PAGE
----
2.3: Strength & Cogency

Previously, we’ve talked about validity
and soundness as important properties that a deductive argument can have. But what about inductive arguments? Let’s consider the following piece of inductive
reasoning: “Everyone in Bob’s office has the flu. Bob’s family has the flu. Bob’s friends have the flu. So, Bob has the flu as well.” Now, does this seem like a good inductive
argument or a bad one? Well, given the evidence presented in the
premises, it sure does seem likely that Bob would have the flu as well. So, it strikes me as a pretty good argument. But, of course, it’s not a valid argument,
since we can easily imagine a situation in which all of those people have the flu, but
by some miracle, Bob managed to not get it. So, it’s not a valid argument, but it does
seem to exhibit good reasoning, right? Remember that inductive arguments and deductive
arguments differ in the kind of support that they’re supposed to provide for the conclusion. Deductive arguments are supposed to provide
absolute proof, but an inductive argument can be perfectly rational even if it doesn’t
provide conclusive proof. So, instead of talking about validity, when
we are judging the reasoning in an inductive argument, we will say that it is either strong
or weak. A strong inductive argument is one that offers
really good evidence to support the conclusion. It means that the conclusion is very likely
to be true, on the assumption that the premises are true. Whereas, a weak inductive argument is one
that uses weak poor evidence. So, even if the premises are taken to be true,
it still doesn’t make the conclusion all that likely. Similarly to the notion of validity, when
judging the strength of an inductive argument, we take the premises for granted, and ignore
the question of whether they are true in reality. So, the following is a fairly strong inductive
argument, even though the premises are in fact false: “Poodles can fly. Golden retrievers can fly. Bulldogs can fly. Labradors can fly. Therefore, all dogs can fly.” Even though the premises are all patently
false, if we imagine that they’re true, then it seems like the conclusion is pretty
likely to be true as well. So, it’s a strong argument. On the other hand, contrast that with the
following: “Lions can talk. Cheetahs can talk. So, all animals can talk.” Let’s suppose the premises are true. Still, isn’t it kind of a leap to infer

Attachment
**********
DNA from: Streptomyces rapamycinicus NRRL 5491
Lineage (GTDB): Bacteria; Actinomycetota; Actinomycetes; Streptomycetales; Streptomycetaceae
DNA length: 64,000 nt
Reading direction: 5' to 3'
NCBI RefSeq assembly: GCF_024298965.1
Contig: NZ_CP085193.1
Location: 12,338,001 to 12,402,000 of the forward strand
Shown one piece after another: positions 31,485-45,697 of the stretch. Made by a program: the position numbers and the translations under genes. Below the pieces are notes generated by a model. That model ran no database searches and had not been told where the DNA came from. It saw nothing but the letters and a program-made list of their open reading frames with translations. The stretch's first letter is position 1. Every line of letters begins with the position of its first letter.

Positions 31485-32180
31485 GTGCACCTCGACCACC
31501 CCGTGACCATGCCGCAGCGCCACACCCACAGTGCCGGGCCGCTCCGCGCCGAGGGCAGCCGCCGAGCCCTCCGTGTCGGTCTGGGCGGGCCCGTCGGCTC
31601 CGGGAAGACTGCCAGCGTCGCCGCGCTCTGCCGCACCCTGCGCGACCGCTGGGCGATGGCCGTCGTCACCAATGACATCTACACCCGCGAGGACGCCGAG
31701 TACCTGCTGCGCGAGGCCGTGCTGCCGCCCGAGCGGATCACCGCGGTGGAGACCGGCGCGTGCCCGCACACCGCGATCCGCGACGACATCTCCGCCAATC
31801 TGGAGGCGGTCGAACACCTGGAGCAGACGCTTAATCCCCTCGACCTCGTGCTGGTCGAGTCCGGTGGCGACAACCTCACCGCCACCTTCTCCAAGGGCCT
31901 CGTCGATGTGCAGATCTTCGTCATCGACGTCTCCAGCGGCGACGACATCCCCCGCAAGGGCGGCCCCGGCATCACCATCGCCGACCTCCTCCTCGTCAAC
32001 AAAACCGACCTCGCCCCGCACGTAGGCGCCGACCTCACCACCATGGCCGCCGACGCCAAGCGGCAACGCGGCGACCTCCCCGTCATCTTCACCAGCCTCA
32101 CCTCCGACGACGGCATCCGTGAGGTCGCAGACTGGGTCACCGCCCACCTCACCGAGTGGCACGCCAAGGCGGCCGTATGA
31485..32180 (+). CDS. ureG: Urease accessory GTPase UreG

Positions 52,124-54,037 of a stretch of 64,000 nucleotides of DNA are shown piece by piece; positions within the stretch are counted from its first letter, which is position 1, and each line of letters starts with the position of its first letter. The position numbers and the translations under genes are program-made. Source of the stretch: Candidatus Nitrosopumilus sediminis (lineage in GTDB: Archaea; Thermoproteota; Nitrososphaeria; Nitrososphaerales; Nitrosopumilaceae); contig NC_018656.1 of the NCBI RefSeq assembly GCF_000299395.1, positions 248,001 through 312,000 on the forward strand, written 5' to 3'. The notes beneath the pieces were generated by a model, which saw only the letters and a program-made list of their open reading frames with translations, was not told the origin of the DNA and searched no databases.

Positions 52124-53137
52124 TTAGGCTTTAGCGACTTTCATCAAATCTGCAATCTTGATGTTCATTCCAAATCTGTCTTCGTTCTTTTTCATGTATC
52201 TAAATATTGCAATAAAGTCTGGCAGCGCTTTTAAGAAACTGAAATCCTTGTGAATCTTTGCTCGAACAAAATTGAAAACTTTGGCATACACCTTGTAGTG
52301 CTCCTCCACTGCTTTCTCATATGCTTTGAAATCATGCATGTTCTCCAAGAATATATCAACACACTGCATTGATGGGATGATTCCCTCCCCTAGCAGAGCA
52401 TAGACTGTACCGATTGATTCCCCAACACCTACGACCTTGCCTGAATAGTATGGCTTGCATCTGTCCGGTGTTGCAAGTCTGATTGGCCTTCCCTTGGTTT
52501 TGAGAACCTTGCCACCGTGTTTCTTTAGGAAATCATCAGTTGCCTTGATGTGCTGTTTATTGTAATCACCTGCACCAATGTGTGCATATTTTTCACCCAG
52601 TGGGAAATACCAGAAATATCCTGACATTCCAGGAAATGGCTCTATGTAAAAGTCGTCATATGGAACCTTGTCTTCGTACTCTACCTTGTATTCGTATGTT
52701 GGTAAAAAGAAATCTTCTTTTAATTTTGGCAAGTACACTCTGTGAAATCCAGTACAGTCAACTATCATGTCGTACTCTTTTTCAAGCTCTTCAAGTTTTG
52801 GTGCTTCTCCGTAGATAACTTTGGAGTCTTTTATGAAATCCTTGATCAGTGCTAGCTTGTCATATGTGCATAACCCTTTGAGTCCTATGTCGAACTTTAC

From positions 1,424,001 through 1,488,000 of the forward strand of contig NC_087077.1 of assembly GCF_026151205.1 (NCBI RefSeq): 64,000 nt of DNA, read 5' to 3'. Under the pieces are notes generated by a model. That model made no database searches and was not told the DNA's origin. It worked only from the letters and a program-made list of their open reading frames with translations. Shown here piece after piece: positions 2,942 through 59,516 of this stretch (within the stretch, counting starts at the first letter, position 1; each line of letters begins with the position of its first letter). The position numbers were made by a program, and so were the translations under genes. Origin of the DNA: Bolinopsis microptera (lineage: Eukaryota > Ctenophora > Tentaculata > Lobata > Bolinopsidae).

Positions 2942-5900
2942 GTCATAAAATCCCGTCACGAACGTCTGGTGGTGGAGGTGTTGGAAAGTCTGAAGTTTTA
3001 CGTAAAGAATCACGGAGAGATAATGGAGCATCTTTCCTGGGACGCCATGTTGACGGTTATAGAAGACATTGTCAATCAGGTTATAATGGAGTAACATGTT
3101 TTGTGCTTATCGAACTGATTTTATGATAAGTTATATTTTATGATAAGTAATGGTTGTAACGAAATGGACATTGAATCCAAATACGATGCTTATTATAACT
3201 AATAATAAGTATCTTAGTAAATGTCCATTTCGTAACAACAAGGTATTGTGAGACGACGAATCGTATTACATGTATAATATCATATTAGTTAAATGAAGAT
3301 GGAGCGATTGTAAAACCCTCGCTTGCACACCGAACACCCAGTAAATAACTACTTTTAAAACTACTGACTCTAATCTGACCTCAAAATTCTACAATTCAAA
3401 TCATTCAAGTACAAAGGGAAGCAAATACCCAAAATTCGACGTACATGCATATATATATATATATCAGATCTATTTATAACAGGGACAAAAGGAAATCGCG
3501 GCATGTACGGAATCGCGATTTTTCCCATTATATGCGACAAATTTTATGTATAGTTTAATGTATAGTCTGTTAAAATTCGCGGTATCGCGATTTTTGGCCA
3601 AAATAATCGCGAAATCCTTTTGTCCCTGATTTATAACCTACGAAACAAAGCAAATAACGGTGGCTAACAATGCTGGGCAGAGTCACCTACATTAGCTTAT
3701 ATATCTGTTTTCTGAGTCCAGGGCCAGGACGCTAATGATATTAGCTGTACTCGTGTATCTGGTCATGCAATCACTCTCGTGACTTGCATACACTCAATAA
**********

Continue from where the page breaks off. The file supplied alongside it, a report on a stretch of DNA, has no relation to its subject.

that all animals can talk on the basis of just two examples? This argument does not provide much evidence
for the conclusion, even on the assumption that premises are true. So, it is definitely a weak inductive argument. In general, strong inductive arguments tend
to use a lot of data points to support the conclusion, while weak arguments use only
a few. So, strength is basically the inductive analog
of validity – they both pertain to the quality of the reasoning involved in the argument. What about soundness? Is there an inductive version of soundness? There is, and it’s known as cogency. Remember that soundness is essentially validity
plus true premises. So, similarly, cogency is strength plus true
premises. A cogent argument is one in which the conclusion
is most likely to be true, given the premises, and the premises are in fact true. So, just like with soundness, cogency does
care about whether the premises are true in reality. So, if we go back to this argument, we can
say that it is a strong inductive argument, but not a cogent one, since all of the premises
are false. Not that unlike with soundness, a cogent argument
does not have to have a true conclusion. Since strong a strong inductive argument only
means that the conclusion is very likely to be true, given the premises, an argument can
have true premises, and use good inductive reasoning, but still end up with a false conclusion. Finally, one more thing to note is that unlike
validity, inductive strength is a matter of degree. Inductive arguments provide more or less support
for the conclusion, but there isn’t a clear standard of what counts as enough evidence
to qualify as a strong argument. So, when it’s relevant, we’ll try to stick
with examples that are very obviously strong or very obviously weak. OK, so in this video we covered strong vs.
weak inductive arguments, and cogent vs. non-cogent inductive arguments. These concepts are analogs of the deductive
notions of validity and soundness, but differ in subtle ways.

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